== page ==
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US judge dismisses aluminum price-fixing litigation

Goldman Sachs signage on the floor of the New York Stock Exchange.
Jin Lee | Bloomberg | Getty Images
Goldman Sachs signage on the floor of the New York Stock Exchange.

A U.S. judge on Friday dismissed nationwide antitrust litigation accusing banks and commodity companies of conspiring to drive up aluminum prices by reducing supply, causing damages for manufacturers and purchasers.

The plaintiffs had accused Goldman Sachs Group Inc, JPMorgan Chase & Co, the large mining company Glencore Plc, and various commodity trading, metals mining and metals warehousing companies of having conspired since May 2009 to drive up aluminum prices by hoarding supply. They said this caused delays of up to 16 months to fill orders.

In an 85-page decision, U.S. District Judge Katherine Forrest in Manhattan said that while it was clear that the actions of various defendants affected the aluminum market, there was no showing they intended to manipulate prices.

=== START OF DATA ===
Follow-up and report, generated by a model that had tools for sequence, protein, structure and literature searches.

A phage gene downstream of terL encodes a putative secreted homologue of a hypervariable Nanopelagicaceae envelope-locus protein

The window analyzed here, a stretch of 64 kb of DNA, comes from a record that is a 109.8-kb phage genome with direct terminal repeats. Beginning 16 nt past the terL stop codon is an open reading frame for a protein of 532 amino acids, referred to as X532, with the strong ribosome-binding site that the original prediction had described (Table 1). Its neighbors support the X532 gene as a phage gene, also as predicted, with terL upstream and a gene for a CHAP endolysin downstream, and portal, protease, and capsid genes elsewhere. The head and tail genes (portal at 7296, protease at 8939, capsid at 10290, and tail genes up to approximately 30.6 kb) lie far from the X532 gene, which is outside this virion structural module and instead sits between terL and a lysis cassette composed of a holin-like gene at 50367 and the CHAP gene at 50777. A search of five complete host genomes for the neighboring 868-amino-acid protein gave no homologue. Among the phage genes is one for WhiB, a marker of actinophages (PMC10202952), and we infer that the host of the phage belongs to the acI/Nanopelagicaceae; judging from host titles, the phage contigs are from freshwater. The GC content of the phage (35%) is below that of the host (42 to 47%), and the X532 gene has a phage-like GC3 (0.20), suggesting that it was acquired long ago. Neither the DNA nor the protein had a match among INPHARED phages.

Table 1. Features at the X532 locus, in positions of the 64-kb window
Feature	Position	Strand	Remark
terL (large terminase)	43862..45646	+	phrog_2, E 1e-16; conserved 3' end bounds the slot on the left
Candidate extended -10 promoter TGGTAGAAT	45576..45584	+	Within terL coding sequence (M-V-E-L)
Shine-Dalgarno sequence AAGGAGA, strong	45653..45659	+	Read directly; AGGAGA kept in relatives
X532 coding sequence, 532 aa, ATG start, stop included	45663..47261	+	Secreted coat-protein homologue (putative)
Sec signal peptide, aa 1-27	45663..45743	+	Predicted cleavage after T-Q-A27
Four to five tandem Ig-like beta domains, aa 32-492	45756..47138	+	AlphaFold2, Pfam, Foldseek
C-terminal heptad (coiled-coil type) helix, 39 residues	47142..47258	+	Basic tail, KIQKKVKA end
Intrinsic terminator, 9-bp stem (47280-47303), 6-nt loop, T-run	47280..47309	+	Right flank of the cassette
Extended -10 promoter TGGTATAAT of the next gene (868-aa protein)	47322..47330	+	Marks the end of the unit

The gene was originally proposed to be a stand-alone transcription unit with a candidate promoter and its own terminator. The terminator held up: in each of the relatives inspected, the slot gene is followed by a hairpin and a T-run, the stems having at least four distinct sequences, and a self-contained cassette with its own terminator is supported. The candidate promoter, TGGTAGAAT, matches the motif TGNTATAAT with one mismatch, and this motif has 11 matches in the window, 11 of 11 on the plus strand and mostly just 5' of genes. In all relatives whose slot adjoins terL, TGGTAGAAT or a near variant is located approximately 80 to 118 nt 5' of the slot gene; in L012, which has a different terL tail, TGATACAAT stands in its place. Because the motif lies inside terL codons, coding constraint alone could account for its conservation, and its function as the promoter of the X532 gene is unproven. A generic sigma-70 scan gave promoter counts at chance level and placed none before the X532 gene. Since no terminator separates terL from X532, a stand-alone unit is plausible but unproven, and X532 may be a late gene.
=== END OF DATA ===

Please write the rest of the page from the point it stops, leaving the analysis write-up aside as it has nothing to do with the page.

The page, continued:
"As cast in the complaints, this was an unintended consequence of rational profit maximizing behavior rather than the product of conspiratorial design,'' she wrote.

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Forrest said so-called commercial end user and consumer end user plaintiffs could not try to amend their lawsuits because they lacked antitrust standing. She said the other plaintiffs deserved a chance to replead their cases.

—By Reuters


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